As stakeholders demand sustainability information from companies, consistent and comparable measurement and credible disclosure on related risks and opportunities become essential for the information to be useful. Third-party certifications from reputable organizations may be necessary to offer validation of their sustainability claims. Rapid developments have taken place in this arena.

IFRS S1 General Requirements for Disclosure of Sustainability-related Financial Information and IFRS S2 Climate-Related Disclosures, issued by IFRS Foundation’s International Sustainability Standards Board (ISSB), aimed at providing consistent and comparable disclosures on risks and opportunities related to sustainability and climate, became effective for periods beginning on or after 1 January 2024. The standards integrate certain existing standards (among others, those of the Sustainability Accounting Standards Board, Task Force on Climate-Related Financial Disclosures, and Climate Disclosure Standards Board) to address longstanding reporting challenges. While the ISSB acknowledges the crucial role of external assurance in building trust and confidence, it does not currently require external assurance. The International Organization of Securities Commissions has endorsed the standards and has called its 130 member jurisdictions to consider ways to implement them. According to the IFRS Foundation, as of early December 2023, organizations from 64 jurisdictions have committed to advancing the adoption or use of the two ISSB standards.

Also read: How can companies better meet their sustainability goals?

In Europe, large companies were already required to adopt some form of ESG reporting following local legislation as required by the EU Non-Financial Reporting Directive (NFRD). The Corporate Sustainability Reporting Directive (CSRD), having come into force in January 2023 to replace NFRD, casts a wider net to capture more companies gradually over time, including non-EU companies that do business in Europe, to provide mandatory annual sustainability reporting. Specific requirements on how and what information and metrics companies need to report to comply with the CSRD are outlined in the European Sustainability Reporting Standards (ESRS), applicable from 1 January 2024. The CSRD and ESRS bring sustainable reporting on par with financial reporting, requiring limited assurance and eventually reasonable assurance by an independent third party on the report.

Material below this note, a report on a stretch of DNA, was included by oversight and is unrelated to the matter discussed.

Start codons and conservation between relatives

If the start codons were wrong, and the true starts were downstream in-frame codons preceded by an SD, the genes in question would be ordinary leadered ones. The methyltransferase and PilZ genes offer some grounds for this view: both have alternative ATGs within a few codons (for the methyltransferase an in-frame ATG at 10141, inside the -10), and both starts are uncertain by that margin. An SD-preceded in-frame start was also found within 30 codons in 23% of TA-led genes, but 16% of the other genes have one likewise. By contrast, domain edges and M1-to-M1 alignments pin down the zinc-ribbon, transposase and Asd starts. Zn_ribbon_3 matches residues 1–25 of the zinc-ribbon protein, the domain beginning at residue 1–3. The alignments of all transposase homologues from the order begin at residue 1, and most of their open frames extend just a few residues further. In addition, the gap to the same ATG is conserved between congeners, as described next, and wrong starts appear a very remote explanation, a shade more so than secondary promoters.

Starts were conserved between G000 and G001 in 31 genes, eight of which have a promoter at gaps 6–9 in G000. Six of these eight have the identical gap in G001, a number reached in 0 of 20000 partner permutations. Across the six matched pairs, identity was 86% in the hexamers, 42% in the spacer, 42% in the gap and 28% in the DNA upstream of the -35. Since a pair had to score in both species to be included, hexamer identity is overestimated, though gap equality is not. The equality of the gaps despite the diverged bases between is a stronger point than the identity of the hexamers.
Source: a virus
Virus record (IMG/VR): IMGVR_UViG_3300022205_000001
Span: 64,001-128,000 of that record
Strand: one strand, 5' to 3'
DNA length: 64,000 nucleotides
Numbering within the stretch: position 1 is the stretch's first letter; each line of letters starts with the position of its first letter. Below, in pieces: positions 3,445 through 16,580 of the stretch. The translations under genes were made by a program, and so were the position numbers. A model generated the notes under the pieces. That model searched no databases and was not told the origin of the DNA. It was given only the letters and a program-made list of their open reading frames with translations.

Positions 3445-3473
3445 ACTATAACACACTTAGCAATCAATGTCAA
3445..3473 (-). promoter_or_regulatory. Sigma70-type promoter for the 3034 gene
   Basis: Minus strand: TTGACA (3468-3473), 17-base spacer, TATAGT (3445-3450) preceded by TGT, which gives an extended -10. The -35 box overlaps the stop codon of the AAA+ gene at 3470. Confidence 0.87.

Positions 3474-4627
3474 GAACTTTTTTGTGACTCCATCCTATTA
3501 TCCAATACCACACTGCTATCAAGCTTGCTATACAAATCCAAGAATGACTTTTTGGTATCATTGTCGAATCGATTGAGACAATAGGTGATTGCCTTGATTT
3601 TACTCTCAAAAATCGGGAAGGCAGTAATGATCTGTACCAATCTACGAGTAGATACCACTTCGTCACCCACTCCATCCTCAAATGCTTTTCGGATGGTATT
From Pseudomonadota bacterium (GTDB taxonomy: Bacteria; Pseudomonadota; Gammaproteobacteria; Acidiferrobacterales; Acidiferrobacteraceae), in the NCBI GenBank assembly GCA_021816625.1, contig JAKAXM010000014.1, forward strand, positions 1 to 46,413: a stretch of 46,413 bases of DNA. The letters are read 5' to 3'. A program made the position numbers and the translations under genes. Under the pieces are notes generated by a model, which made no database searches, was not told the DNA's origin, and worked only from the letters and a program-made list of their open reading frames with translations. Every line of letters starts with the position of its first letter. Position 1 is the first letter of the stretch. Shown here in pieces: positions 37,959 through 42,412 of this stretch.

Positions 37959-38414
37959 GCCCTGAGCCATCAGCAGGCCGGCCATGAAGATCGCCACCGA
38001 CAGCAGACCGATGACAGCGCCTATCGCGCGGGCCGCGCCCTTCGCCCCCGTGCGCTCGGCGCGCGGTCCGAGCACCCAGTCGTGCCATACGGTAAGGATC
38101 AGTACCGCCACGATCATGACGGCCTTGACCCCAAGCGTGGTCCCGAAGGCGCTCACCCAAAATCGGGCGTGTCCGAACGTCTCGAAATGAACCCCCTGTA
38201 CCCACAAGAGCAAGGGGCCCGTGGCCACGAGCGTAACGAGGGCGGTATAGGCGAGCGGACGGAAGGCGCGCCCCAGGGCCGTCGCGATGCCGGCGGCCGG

In Singapore, sustainability reporting for listed companies was voluntary from 2011 until 2016, when the Singapore Stock Exchange switched to a mandatory approach on a “comply or explain” basis. External assurance was encouraged but not required. In July 2023, Singapore launched a public consultation to advance sustainability reporting requirements by extending the requirements to large private companies, aligning climate reporting requirements with the ISSB standards, and mandating external assurance requirements.

Both ISSB and CSRD/ESRS are relevant for firms globally as many jurisdictions are considering adopting or implementing the requirements of the two ISSB standards and, despite being EU regulations, CSRD/ESRS will apply to a group of non-EU firms that have business operations in the EU. The ESG focus in Asia has traditionally been placed on regulations and less so on promoting sustainable investment. With the rapid growth of ESG regulations and sustainability reporting requirements globally, companies need to focus more on investing in sustainability for the long run to remain competitive and relevant.

Daphne Lui Associate Professor of Accounting and Associate Academic Director of the Global BBA program at ESSEC Asia Pacific